SOUNDTRACK: THE FLAMING LIPS-The Terror (2013).
After the distortion heavy and heaviness of At War with the Mystics and Embryonic (to say nothing of their other experimental releases), I wasn’t sure what to expect from an album called The Terror. Yet with a title like that the album is far more invested in psychological terror than in pummeling you with scary noises and music. The album is more unsettling and spooky with existential dread.
Wayne Coyne has always been a pretty optimistic guy–weird, sure, dealing with feelings of dread, sure, but never so dark and insular. But I learned that before recording this album and most likely as an impetus to record it, Coyne separated from his partner of 25 years, Michelle, and Lips multi-instrumentalist Steven Drozd temporarily relapsed into addiction.
In an interview, Drozd says the album is like a crisis of life confidence. He also says that the uniformity in sonic style was intentional: “Instead of writing songs and then figuring out sounds, we’d write the other way around: create sounds then make songs out of those sounds.”
So the vocals are quite low in the mix, and there is not a lot of “music” in the album. Rather there are layers of sounds–swishing synths, spiraling noises, percussion effects that seems to almost cover up the vocals, giving it a very claustrophobic effect. “Look… The Sun Rising” opens the disc. It is primarily percussion with some noisy sounds and really sharp piercing guitars (that play noisy counterpoint to the soothing chorus of Oh Oh Ohs). And yet after all of that noise and chaos, the very lovely “Be Free, A Way” surfaces as a quiet introspective song. There are gentle keyboard notes (not unlike on Yoshimi) that propel this song along. “Try to Explain” is a pretty song with some unusual sound effects swirling around it (The Lips can’t so straight up pretty, right?). And yet lyrically, this song, along with the rest, is very dark indeed.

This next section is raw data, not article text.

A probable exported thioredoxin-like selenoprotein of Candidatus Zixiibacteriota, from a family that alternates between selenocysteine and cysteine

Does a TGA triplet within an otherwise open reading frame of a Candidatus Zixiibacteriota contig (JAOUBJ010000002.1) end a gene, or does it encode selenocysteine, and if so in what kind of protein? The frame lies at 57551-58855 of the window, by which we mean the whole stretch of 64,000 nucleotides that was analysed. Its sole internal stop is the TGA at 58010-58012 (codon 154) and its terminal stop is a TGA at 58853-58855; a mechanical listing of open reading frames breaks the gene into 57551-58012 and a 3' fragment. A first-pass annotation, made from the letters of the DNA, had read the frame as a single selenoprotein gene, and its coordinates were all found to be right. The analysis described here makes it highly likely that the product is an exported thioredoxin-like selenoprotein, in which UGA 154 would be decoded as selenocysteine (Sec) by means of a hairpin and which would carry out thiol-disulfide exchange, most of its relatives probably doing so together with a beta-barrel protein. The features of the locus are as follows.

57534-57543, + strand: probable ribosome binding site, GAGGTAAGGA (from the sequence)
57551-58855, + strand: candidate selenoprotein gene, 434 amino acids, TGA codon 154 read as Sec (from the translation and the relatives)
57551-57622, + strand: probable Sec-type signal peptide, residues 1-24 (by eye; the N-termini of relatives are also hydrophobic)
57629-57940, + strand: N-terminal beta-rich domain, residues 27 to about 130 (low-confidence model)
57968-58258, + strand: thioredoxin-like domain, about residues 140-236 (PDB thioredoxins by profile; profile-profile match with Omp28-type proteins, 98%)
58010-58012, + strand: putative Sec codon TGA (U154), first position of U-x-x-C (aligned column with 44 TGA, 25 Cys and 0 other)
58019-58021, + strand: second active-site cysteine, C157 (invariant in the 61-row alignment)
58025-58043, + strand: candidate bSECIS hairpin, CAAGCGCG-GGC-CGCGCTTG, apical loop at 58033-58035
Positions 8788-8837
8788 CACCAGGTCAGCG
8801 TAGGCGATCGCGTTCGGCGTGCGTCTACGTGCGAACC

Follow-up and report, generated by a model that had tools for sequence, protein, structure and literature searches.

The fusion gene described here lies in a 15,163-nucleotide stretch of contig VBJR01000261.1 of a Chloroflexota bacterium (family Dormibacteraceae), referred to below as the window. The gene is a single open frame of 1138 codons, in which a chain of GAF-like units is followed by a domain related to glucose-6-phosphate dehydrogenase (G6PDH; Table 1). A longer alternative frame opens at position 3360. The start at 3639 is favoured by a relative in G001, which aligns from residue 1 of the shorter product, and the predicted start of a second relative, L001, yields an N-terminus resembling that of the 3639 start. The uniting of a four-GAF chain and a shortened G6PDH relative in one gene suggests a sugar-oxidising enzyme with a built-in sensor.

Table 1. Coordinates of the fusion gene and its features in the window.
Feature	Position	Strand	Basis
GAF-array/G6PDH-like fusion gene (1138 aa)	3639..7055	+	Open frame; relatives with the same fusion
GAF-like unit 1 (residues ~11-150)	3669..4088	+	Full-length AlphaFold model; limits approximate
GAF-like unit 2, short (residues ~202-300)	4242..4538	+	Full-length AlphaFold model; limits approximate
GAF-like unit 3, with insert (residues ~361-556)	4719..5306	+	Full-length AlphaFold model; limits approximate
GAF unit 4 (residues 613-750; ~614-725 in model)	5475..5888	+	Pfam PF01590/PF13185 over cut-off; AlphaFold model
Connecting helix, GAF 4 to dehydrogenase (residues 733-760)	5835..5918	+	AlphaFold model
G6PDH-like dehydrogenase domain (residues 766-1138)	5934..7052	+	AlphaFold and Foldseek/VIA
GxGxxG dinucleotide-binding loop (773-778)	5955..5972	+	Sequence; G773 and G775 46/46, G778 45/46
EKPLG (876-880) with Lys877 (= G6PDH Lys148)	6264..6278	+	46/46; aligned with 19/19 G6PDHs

“You Lust” is a 13 minute (!) invocation about various forms of lust. It opens with the couplet: “You’ve got a lot of nerve/A lot of nerve to fuck with me.” The middle of the song is a kind of Pink Floydian keyboard workout. It’s a lengthy jam that’s kind of samey, but I’ll bet if you can really sit (with headphones) and close your eyes and focus it’s pretty intense. After about ten minutes of that repetitive claustrophobia, some lightening occurs with sprinkled keyboard notes.
“The Terror” is primarily in Coyne’s falsetto, and it seems gentle until the mechanized noises come bursting forth. “You Are Alone” is the shortest thing here, under 4 minutes of squeaking noises. And again, a lovely melody despite the title. I feel like this song summarizes the album pretty well. In it, Coyne sings “I’m not alone” while a deeper voice replies, “you are alone.” Whose voice will ultimately win?